In re Estate of Brunger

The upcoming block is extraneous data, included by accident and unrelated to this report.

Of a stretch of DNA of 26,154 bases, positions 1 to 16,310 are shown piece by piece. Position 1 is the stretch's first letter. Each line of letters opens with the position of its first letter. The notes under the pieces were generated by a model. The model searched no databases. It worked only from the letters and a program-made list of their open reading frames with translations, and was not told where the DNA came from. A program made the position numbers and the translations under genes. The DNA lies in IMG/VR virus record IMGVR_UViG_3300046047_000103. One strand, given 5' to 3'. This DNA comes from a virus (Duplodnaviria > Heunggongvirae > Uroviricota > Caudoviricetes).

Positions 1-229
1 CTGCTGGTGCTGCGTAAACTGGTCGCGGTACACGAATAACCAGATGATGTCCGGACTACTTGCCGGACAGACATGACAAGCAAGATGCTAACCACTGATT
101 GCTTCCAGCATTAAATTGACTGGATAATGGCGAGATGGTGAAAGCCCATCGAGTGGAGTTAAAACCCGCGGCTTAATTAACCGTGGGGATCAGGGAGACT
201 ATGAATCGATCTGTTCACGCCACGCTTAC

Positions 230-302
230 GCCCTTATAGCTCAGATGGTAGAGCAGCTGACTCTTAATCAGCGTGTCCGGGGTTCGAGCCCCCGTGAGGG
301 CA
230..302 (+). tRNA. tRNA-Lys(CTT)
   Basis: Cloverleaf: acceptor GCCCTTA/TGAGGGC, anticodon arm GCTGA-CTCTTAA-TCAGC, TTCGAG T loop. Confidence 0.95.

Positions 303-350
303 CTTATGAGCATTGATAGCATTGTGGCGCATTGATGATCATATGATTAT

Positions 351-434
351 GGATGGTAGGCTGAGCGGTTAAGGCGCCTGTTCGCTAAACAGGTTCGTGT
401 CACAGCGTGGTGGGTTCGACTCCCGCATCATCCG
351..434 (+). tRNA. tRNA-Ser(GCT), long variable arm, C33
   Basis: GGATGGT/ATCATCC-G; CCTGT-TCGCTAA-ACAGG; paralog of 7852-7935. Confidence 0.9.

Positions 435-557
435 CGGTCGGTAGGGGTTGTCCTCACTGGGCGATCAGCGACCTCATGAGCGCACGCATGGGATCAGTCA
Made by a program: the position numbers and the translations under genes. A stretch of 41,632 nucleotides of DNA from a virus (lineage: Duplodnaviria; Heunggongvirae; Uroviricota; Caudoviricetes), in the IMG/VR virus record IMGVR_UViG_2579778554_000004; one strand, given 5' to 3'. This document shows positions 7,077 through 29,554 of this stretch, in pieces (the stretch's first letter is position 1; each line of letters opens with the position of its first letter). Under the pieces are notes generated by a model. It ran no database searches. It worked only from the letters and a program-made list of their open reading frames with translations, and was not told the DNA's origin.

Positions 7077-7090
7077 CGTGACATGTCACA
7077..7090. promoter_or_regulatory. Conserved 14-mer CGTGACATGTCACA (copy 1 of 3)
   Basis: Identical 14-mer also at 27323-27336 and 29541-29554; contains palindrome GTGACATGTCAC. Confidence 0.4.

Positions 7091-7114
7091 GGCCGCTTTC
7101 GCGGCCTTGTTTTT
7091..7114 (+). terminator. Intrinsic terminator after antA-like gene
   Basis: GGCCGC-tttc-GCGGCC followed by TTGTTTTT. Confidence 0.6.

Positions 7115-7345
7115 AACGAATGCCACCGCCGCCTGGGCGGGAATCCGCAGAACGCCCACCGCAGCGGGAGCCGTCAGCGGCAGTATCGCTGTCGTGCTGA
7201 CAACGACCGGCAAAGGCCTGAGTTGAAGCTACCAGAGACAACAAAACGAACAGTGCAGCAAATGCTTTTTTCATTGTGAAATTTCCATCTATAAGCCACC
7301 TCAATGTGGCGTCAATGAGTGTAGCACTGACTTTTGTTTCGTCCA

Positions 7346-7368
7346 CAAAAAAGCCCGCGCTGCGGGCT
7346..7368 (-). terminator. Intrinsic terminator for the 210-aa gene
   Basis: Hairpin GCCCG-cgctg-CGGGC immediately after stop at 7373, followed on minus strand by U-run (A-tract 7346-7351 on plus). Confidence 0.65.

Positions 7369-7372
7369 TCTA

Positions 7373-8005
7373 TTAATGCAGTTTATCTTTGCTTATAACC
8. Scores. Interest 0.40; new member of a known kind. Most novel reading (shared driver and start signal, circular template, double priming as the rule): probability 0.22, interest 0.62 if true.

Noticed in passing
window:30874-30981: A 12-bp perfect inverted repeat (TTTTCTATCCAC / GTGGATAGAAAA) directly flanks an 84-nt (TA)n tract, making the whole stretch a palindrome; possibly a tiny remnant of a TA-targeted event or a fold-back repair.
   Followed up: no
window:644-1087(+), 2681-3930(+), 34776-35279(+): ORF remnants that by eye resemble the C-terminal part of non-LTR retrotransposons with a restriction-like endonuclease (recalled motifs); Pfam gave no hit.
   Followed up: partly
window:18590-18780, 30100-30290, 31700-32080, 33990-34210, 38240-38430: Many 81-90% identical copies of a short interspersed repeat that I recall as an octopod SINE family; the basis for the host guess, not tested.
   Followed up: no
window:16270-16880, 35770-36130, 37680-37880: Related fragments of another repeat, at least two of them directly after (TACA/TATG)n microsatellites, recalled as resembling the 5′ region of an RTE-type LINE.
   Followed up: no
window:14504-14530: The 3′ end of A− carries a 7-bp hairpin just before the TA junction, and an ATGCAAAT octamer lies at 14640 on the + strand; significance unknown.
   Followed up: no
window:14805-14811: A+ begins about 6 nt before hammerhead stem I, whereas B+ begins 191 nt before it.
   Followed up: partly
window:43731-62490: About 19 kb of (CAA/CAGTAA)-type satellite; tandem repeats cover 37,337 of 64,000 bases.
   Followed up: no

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[Cite as In re Estate of Brunger, 2018-Ohio-4474.] IN THE COURT OF APPEALS ELEVENTH APPELLATE DISTRICT PORTAGE COUNTY, OHIO ESTATE OF: ELEANOR FAYE BRUNGER, : a.k.a. ELEANOR F. BRUNGER, a.k.a. ELEANOR BRUNGER, : DECEASED. OPINION CASE NO. 2018-P-0003 Civil Appeal from the Portage County Court of Common Pleas, Probate Division. Case No. 2016 ES 537. Judgment: Affirmed in part and reversed in part; remanded. S. Kim Kohli, pro se, 1 Memory Lane, Suite 400, Garrettsville, OH 44231 (Appellant). TIMOTHY P. CANNON, J. {¶1} Appellant, Attorney S. Kim Kohli, appeals from the decision of the Portage County Court of Common Pleas, Probate Division, denying her motion for extraordinary attorney fees sought for work completed during the administration of the Estate of Eleanor Faye Brunger, a.k.a. Eleanor F. Brunger, a.k.a. Eleanor Brunger, Deceased. The probate court’s judgment is affirmed in part and reversed in part, and this matter is remanded. {¶2} On December 1, 2017, appellant filed a motion for extraordinary attorney fees in the amount of $1,915.50 and an application for estate attorney fees totaling $2,395.01. Attached to the motion and application was an itemized fee bill detailing the dates and types of services provided to the estate and the hourly rate for those services. Simultaneously, a “consent to payment of attorney fees outside court guidelines” was filed by each beneficiary of the estate: Glenna L. Hovatter, Jennifer McPherson, Cheryl D. Lutes, and a representative of the Ohio Attorney General. Also accompanying these documents was a Final Account, Receipts, and Disbursements. {¶3} On December 14, 2017, the probate court summarily denied appellant’s motion for extraordinary fees, without a hearing, finding the “attorney’s fees requested are not extraordinary.” {¶4} The clerk of courts returned the Final Account, Receipts, and Disbursements to appellant to make corrections that would reflect the probate court’s ruling. Appellant filed a First Partial Account on January 10, 2018, which reflects an undistributed balance of $2,395.01. {¶5} Appellant filed a notice of appeal from the probate court’s denial of her motion for extraordinary fees on January 12, 2018. She has assigned two errors for our review: [1.] The Court erred and abused its discretion when it denied Appellant’s request for extraordinary attorney’s fees without notice of hearing and opportunity to be heard. [2.] The Court erred and abused its discretion when it denied Appellant’s request for extraordinary attorney fees by failing to fully consider the docket and pleadings and apply the proper standard of review for ordinary, necessary, reasonable and extraordinary fees. {¶6} Under her first assignment of error, appellant argues the probate court abused its discretion by denying her motion without first holding a hearing. In support of her argument, appellant cites to Portage County Local Rule 71.2(E), which provides: “The Court may set a hearing on any application for allowance of attorney fees regardless of the fact that the required consents of beneficiaries have been given.” Her argument additionally relies on Portage County Probate Court Local Rule 71.2(G), which provides, in pertinent part: 2 Applications for Attorney fees in excess of those computed in accordance with Local Rule 71.[2](K) shall be considered by the Court only after Hearing and Notice to all Parties, unless the Application is approved by all Parties affected by the payment of such fees as shown by their signatures on the Account or upon separate document filed with the Account. {¶7} Read together, these rules provide that it is within the probate court’s discretion to hold a hearing on any application for attorney fees, even when the beneficiaries have given consent. The probate court must hold a hearing on any application for attorney fees in excess of the Fee Guidelines found in Local Rule 71.2(K) if any party affected by payment of the fees does not give written approval. If, however, all affected parties have approved an application for the payment of attorney fees in excess of those guidelines, it is again within the probate court’s discretion to hold a hearing on the application. {¶8} The value of the probate estate sub judice, including personal property, is $11,987.85. For an estate of that value, Local Rule 71.2(B) and (K) provide that attorney fees are presumed reasonable and allowable at a rate of 4%. Thus, according to that rate, appellant requested $479.51 in ordinary fees. Pursuant to Local Rule 71.2(E), the probate court was permitted but not required to hold a hearing on that amount. Appellant requested an additional $1,915.50 in extraordinary fees. This application was approved by all affected parties as shown by their signatures in separate documents filed with the account. Thus, pursuant to Local Rule 71.2(G), the probate court was also not required to hold a hearing before considering the application for extraordinary fees. {¶9} The probate court’s decision not to hold a hearing would, therefore, be reversible error only if it constituted an abuse of discretion, i.e., if its decision was “unreasonable, arbitrary, or unconscionable.” State ex rel. Edwards v. Toledo City School Dist. Bd. of Edn., 72 Ohio St.3d 106, 107 (1995). See also State v. Beechler, 2d Dist. 3 Clark No. 09-CA-54, 2010-Ohio-1900, ¶62, quoting Black’s Law Dictionary 11 (8th Ed.2004) (defining “abuse of discretion” as the “failure to exercise sound, reasonable, and legal decision-making”). {¶10} Appellant did not include a request for a hearing in her motion for extraordinary fees, and she provided the court with an itemized fee bill detailing the dates and types of services provided for the estate and the hourly rate for those services. Because the affected parties did not challenge her motion or the contents of the itemized fee bill, and because they approved the application for attorney fees, we conclude the probate court did not abuse its discretion in ruling on the motion for extraordinary fees without first holding a hearing. {¶11} Appellant’s first assignment of error is without merit. {¶12} Under her second assignment of error, appellant argues the probate court’s denial of her motion, based on its determination that the requested fees were not extraordinary, constituted an abuse of discretion because the court did not determine whether those fees were necessary and reasonable. {¶13} “An attorney retained to assist in the administration of an estate is entitled to reasonable attorney fees paid as part of the expenses of administration.” In re Estate of Bretschneider, 11th Dist. Geauga No. 2005-G-2620, 2006-Ohio-1013, ¶6, citing In re Estate of Murray, 11th Dist. Trumbull No. 2004-T-0030, 2005-Ohio-1892, ¶20, citing R.C. 2113.36. Attorney fees “must be reasonable both from the standpoint of the attorney rendering the services and from the standpoint of the estate out of which payment is being made.” In re Estate of Love, 1 Ohio App.2d 571, 578 (10th Dist.1965). The reasonableness of a fee is to be determined by the probate court and is governed by the Ohio Rules of Professional Conduct. See Sup.R. 71(A). 4 {¶14} “Where a fiduciary performs extraordinary services in the administration of an estate, R.C. 2113.36 permits a court to award additional compensation.” Bretschneider, supra, at ¶30, citing In re Estate of Thomas, 9th Dist. Summit No. 19588, 2000 WL 372312 (Apr. 12, 2000). When a request for extraordinary fees is made, “the court shall review both ordinary and extraordinary services claimed to have been rendered.” R.C. 2113.36. “If the fees payable pursuant to section 2113.35 of the Revised Code exceed the reasonable value of such ordinary services rendered, the court shall adjust any allowance made for extraordinary services so that the total fees and allowances to be made fairly reflect the reasonable value of both ordinary and extraordinary services.” Id. {¶15} Pursuant to Prof.Cond.R. 1.5(a), the following factors are to be considered in determining the reasonableness of a fee: (1) the time and labor required, the novelty and difficulty of the questions involved, and the skill requisite to perform the legal service properly; (2) the likelihood, if apparent to the client, that the acceptance of the particular employment will preclude other employment by the lawyer; (3) the fee customarily charged in the locality for similar legal services; (4) the amount involved and the results obtained; (5) the time limitations imposed by the client or by the circumstances; (6) the nature and length of the professional relationship with the client; (7) the experience, reputation, and ability of the lawyer or lawyers performing the services; (8) whether the fee is fixed or contingent. 5 {¶16} As provided in Portage County Local Rule 71.2(A), these factors are adapted more specifically to the reasonableness of a fee for legal services in connection with the administration of an estate: 1. The time and effort required; 2. The complexity and difficulty of the Estate and the various matters and questions involved, including the determination of Federal and State Income taxes and Estate taxes; 3. The degree of skill required to perform these services to the best advantage of the Estate; 4.Fees customarily charged in Portage County for such service; 5. The amount and character of the assets, including non-probate assets included in the gross estate for Estate Tax purposes and the liability of the Estate; 6. The benefits resulting from the Estate from the services; 7. The experience and ability of the Attorney or Attorneys performing these services and all other relevant factors. {¶17} Pursuant to Portage County Local Rule 71.2(F), examples of extraordinary services which may be compensated include, but are not limited to, the following: 1. Actions for the estate in a Court other than Probate; 2. A contested matter in Probate Court; 3. In connection with the preparation or filing, audit, protest of, contest of an income or gift tax return, or liability incurred by the decedent or personal representative; 4. In connection with the settlement of the estate taxes with respect to insurance not payable to the estate, gifts in contemplation of death, or general testamentary powers of appointment not exercised by the decedent and other testamentary powers of appointment not exercised by the decedent and other negotiations not represented by assets included in the gross value of the estate; 5. With respect to problems of valuation or taxability of property for estate taxes or protest of such taxes; 6 6. In connection with matters which are unusual or excessive for the size of the estate; 7. In connection with the performance of duties normally performed by the fiduciary but which fall to the lawyer because of the fiduciary’s inexperience, lack of ability, or absence from the place from which the assets of the estate must be managed; 8. Sale of business or business assets; 9. Proceedings to determine heirship; 10. Proceedings involving partnership; 11. Completion of a land contract. {¶18} The attorney has the burden to introduce evidence of the services performed, the reasonable value of those services, and that the billed time was fair, proper, and reasonable. Bretschneider, supra, at ¶15, citing In re Estate of Lindquist, 11th Dist. Portage No. 95-P-0041, 1995 WL 815334, *2 (Dec. 22, 1995), and In re Estate of Williams, 11th Dist. Lake No. 2003-L-200, 2004-Ohio-3993, ¶21. “The statute enabling the award of extraordinary fees does not provide any guidance as to what should be considered ‘necessary.’ Accordingly, we must look at the evidence and observe whether the court’s decision was supported by [the] record.” Id. at ¶37. {¶19} “The allowance of fees for services rendered by attorneys employed by an executor or administrator is a matter within the discretion of the probate court and we will not disturb the court’s determination save an abuse of discretion.” Id. at ¶15, citing In re Estate of Wirebaugh, 84 Ohio App.3d 1, 4-5 (6th Dist.1992). {¶20} Appellant’s motion for extraordinary fees calculated the fees and costs for the services she provided to the estate from October 2016 through October 2017 at $2,819.09 for 12.25 hours of work. Appellant indicated she would accept $2,395.01 as 7 total payment, presumably because, as stated in the First Partial Account, this is the amount remaining in the estate after all disbursements have been made. {¶21} The probate court summarily denied the request for extraordinary fees, stating, without analysis or discussion, that “the fees requested are not extraordinary.” The probate court was not bound to accept appellant’s itemization of services she performed on behalf of the estate. See Murray, supra, at ¶24. It is impossible, however, to discern whether the probate court analyzed the reasonable value of the ordinary and necessary services appellant did provide to the estate. Without more of an indication as to the probate court’s reasoning for denying all the requested fees, over and above the $479.51 presumed reasonable, we must remand for further proceedings. {¶22} As this court previously held in Murray, without understanding the basis for the probate court’s reduction of fees, our affirmance would be nothing more than a “rubber stamp” of that decision. See id. at ¶26. See also In re Estate of Duffy, 148 Ohio App.3d 574, 2002-Ohio-3844, ¶17-18 (11th Dist.) (probate court erred by “summarily” denying attorney fees without determining the reasonableness of those fees); In re Estate of Clark, 11th Dist. Geauga No. 97-G-2060, 1997 WL 799929, *3 (Dec. 19, 1997) (reversing an award of attorney fees where “the probate court did not sufficiently explain its reasoning”); Lindquist, supra, at *3 (“the court erred in summarily denying appellant’s final request for attorney fees without ascertaining and factoring into the equation the reasonable value of the compensable services actually performed by appellant”). {¶23} It appears from the information contained in appellant’s itemized bill that there were at least two significant matters to address in relation to the size of the estate. The first was the resolution of a significant debt related to the mobile home owned by the decedent. The second was a negotiation with the Ohio Attorney General’s office with 8 regard to a Medicaid lien. Finally, it is not clear how the balance of the estate would be distributed based on the disapproval of appellant’s requested fees. This may be relevant to an assessment of the reasonableness in relation to the size of the estate. {¶24} We conclude the denial of appellant’s motion without determining the reasonable value of legal services provided by appellant to the estate was an abuse of discretion. {¶25} Appellant’s second assignment of error is well taken. {¶26} The judgment of the Portage County Court of Common Pleas, Probate Division, is hereby affirmed in part and reversed in part. Although the outcome may not ultimately be significantly altered, this matter is remanded for further proceedings consistent with this opinion. According to its local rules, the probate court may, in its discretion, hold a hearing to aid in its determination. After hearing at oral argument appellant’s explanation of her services, however, we believe the probate court may benefit from a hearing wherein appellant could provide the probate court with a full description of the legal services provided to the estate. CYNTHIA WESTCOTT RICE, J., concurs, DIANE V. GRENDELL, J., concurs in part and dissents in part, with a Concurring/Dissenting Opinion. ____________________ DIANE V. GRENDELL, J., concurs in part and dissents in part, with a Concurring/Dissenting Opinion. {¶27} I concur with the majority’s determination that the trial court erred in issuing a decision that lacked analysis to support its denial of the appellant’s motion for 9 extraordinary fees. I dissent as to the judgment remanding solely for the lower court to enter a new decision, since it is necessary for the court to hold a hearing prior to issuing a new entry. Such a hearing is required to ensure the lower court has a proper basis for its decision. {¶28} The trial court erred in issuing a conclusory decision that extraordinary fees are unwarranted, necessitating reversal. While this court must give deference to the trial court on matters involving fees, such deference is not unlimited. The law requires a trial court to set forth analysis that will allow a review of its decision and prevent this court from merely providing a “rubber stamp.” In re Estate of Murray, 11th Dist. Trumbull No. 2004-T-0030, 2005-Ohio-1892, ¶ 26 (“for this court to be able to conduct any meaningful review of the trial court’s exercise of its discretion, we must be able to discern some basis for its decision”); supra at ¶ 22-23. {¶29} As to the issue of whether a hearing is warranted on remand, the majority states: “we believe the [lower] court may benefit from a hearing wherein appellant could provide the probate court with a full description of the legal services provided to the estate.” Supra at ¶ 26. Rather than providing a suggestion or advisement, this court should unambiguously order that a hearing must be conducted upon remand. {¶30} It is evident from the record that there were several complex issues that warranted full and fair consideration when determining extraordinary fees. In her administration of the estate, the appellant provided services that ranged from handling the decedent’s unpaid rent to addressing Medicaid matters. Portage County Probate Court Local Rule 71.2(F) provides many factors the court must adequately and thoroughly consider to determine the amount of extraordinary fees to be awarded. This is necessary so the attorney assisting in the administration of an estate receives the “reasonable 10 attorney fees” to which she is entitled. In re Estate of Bretschneider, 11th Dist. Geauga No. 2005-G-2620, 2006-Ohio-1013, ¶ 6. {¶31} To determine the reasonableness of the extraordinary fees requested, a trial court “may set a hearing * * * regardless of the fact that the required consents of the beneficiaries have been given.” Sup.R. 71(D); Portage County Probate Court Loc.R. 71.2(K). Thus, there is no question that the court can hold such a hearing in instances where it is warranted and necessary. {¶32} The present instance is one in which a hearing is essential. Despite the fact that the appellant presented the court with an application outlining her fees and that evidence supporting such fees was present in the record of the case, the lower court denied the application outright. Without providing appellant the opportunity to present evidence to support her request for fees, the ability of the trial court to give full and fair consideration to her request is in question. {¶33} While appellant may not have initially made a specific request for a hearing, given the circumstances, where the trial court improperly denied her motion for fees and appellant has clearly indicated on appeal that she wants and is entitled to a hearing, this provides grounds for this court to order a hearing. This is consistent with Sup.R. 71(D) and Local Rule 71.2(K)’s allowances that a hearing may be held in this type of matter. {¶34} While a remand alone, as ordered by the majority, will remedy the trial court’s failure to provide adequate information supporting its ruling, a hearing will assure that the trial court has a proper basis for its decision and is fully informed of the grounds for appellant’s request. It will also limit the chances of this matter coming before this court on appeal for a second time, advancing the interest of judicial economy. {¶35} For the foregoing reasons, and since a hearing is necessary to ensure a fair 11 outcome for appellant, I dissent in part and would reverse with instructions to conduct a new hearing on remand. 12